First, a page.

The science of safer products
Many studies have reported that significant health problems can occur when synthetic chemicals are ingested that mimic or block actions of hormones that occur naturally in the body. Published scientific papers have reported that chemicals that exhibit EA are the most prevalent and are particularly hazardous. While BPA is the most publicized chemical with EA, thousands of others are suspected to exist.
Problems associated with endocrine disruption include higher rates of some cancers, altered reproductive functions, early puberty, obesity, learning disabilities, and behavioral changes. Current attempts to solve the EA problem by removing chemicals one at a time, such as BPA, do not remove or replace the many other chemicals that may also have EA. Plastic-avoidance options are not likely to be effective because many other materials can have EA, such as paper, melamine, wood, silicone, metal coatings, and many more. Furthermore, wholesale replacement of plastics is neither feasible nor advisable because of the many advantages of the material. Plastics are highly customizable, easy to process, lightweight, low cost, with clarity, strength, and recyclability.
Plastics are not bad. They, and their replacement materials, just need to be made consistently safer. Improved material and product safety is what PlastiPure does with its program to design and certify PlastiPure-Safe™ EA-Free materials, manufacturing processes, and products. PlastiPure-Safe™ EA-Free can be used today to make safer consumer products, medical devices, food and drink packaging, cosmetics, and other highly desirable manufactured goods. The following scientific publications show the need for making safer materials and products and the PlastiPure-Safe™ EA-Free solution that goes far beyond BPA-free.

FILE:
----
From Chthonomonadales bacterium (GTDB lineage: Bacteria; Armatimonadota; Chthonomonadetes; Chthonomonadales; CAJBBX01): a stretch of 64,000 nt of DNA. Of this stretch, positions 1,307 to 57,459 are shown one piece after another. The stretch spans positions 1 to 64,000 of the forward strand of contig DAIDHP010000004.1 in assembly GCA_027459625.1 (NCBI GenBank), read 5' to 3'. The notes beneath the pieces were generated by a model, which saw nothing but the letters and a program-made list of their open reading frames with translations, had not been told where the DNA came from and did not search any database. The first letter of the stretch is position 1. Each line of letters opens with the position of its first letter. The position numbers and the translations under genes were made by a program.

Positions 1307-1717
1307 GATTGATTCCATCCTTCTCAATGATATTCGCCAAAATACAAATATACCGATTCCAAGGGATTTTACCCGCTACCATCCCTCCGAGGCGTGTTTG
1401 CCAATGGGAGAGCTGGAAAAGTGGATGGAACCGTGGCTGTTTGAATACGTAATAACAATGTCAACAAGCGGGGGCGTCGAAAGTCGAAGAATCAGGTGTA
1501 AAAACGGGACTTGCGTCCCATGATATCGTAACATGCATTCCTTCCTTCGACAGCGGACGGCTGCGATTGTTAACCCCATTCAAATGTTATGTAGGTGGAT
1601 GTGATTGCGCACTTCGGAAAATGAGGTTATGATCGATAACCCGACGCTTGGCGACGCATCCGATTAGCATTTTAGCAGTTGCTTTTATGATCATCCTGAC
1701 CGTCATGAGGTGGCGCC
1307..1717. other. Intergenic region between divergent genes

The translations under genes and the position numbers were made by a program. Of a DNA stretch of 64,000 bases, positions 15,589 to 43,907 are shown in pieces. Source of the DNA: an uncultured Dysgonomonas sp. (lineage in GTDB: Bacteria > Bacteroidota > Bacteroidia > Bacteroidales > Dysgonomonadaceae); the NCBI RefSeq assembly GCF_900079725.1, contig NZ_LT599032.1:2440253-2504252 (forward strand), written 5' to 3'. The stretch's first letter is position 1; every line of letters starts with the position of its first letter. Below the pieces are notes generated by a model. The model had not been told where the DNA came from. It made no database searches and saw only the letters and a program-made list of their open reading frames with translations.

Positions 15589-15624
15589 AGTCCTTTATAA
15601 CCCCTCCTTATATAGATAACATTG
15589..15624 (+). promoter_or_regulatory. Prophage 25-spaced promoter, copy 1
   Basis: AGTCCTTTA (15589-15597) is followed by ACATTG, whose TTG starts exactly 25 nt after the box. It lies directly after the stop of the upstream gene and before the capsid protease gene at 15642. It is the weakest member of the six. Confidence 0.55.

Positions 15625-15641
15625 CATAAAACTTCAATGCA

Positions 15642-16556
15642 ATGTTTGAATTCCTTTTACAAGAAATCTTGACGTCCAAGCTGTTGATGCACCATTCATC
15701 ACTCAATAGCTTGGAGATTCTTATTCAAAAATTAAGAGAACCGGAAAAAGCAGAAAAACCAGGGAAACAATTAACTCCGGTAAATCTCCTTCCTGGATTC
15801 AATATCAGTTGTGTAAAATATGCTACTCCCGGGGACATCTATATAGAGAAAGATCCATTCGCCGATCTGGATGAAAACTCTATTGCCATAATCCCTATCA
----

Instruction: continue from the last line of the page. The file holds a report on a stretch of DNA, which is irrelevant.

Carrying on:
“Migration of Xenoestrogens from Plastic Food Containers During Cooking,” David Vigren, Örebro University, Sweden, in DiVA, Digitala Vetenskapliga Arkivet
“Effect-directed identification of endocrine disruptors in plastic baby teethers,” Elisabeth Berger, Theodoros Potouridis, Astrid Haeger, Wilhelm Püttmann, and Martin Wagner, in Journal of Applied Toxicology
“More than Cosmetic Changes: Taking Stock of Personal Care Product Safety,” Rebecca Kessler, in Environmental Health Perspectives
“Viewpoint: Why Disclosure Matters,” Naomi Oreskes, Daniel Carlat, Michael E. Mann, Paul D. Thacker, Frederick S. vom Saal, in Environmental Science & Technology
“Endocrine Disrupters: A Review of Some Sources, Effects, and Mechanisms of Actions on Behaviour and Neuroendocrine Systems,” C. Frye, E. Bo, G. Calamandrei, L. Calzà, F. Dessì-Fulgheri, M. Fernández, L. Fusani, O. Kah, M. Kajta, Y. Le Page, H. B. Patisaul, A. Venerosi, A. K. Wojtowicz, and G. C. Panzica, in Journal of Neuroendocrinology
Featured publications from our scientists
“Chemicals having estrogenic activity can be released from some bisphenol a-free, hard and clear, thermoplastic resins” in Environmental Health, November 2014.
“Estrogenic chemicals often leach from BPA-free plastic products that are replacements for BPA-containing polycarbonate products” in Environmental Health, May 2014.
“A robotic BG1Luc reporter assay to detect estrogen receptor agonists” in Toxicology in Vitro, April 2014.
“Estrogenic and anti-estrogenic activity of off-the-shelf hair and skin care products” in Journal of Exposure Science and Environmental Epidemiology, March 2014.
“A robotic MCF-7:WS8 Cell Proliferation Assay to Detect Agonist and Antagonist Estrogenic Activity” in Toxicological Sciences, November 2013.
“Most Plastic Products Release Estrogenic Chemicals: A Potential Health Problem That Can Be Solved” in Environmental Health Perspectives, July 2011.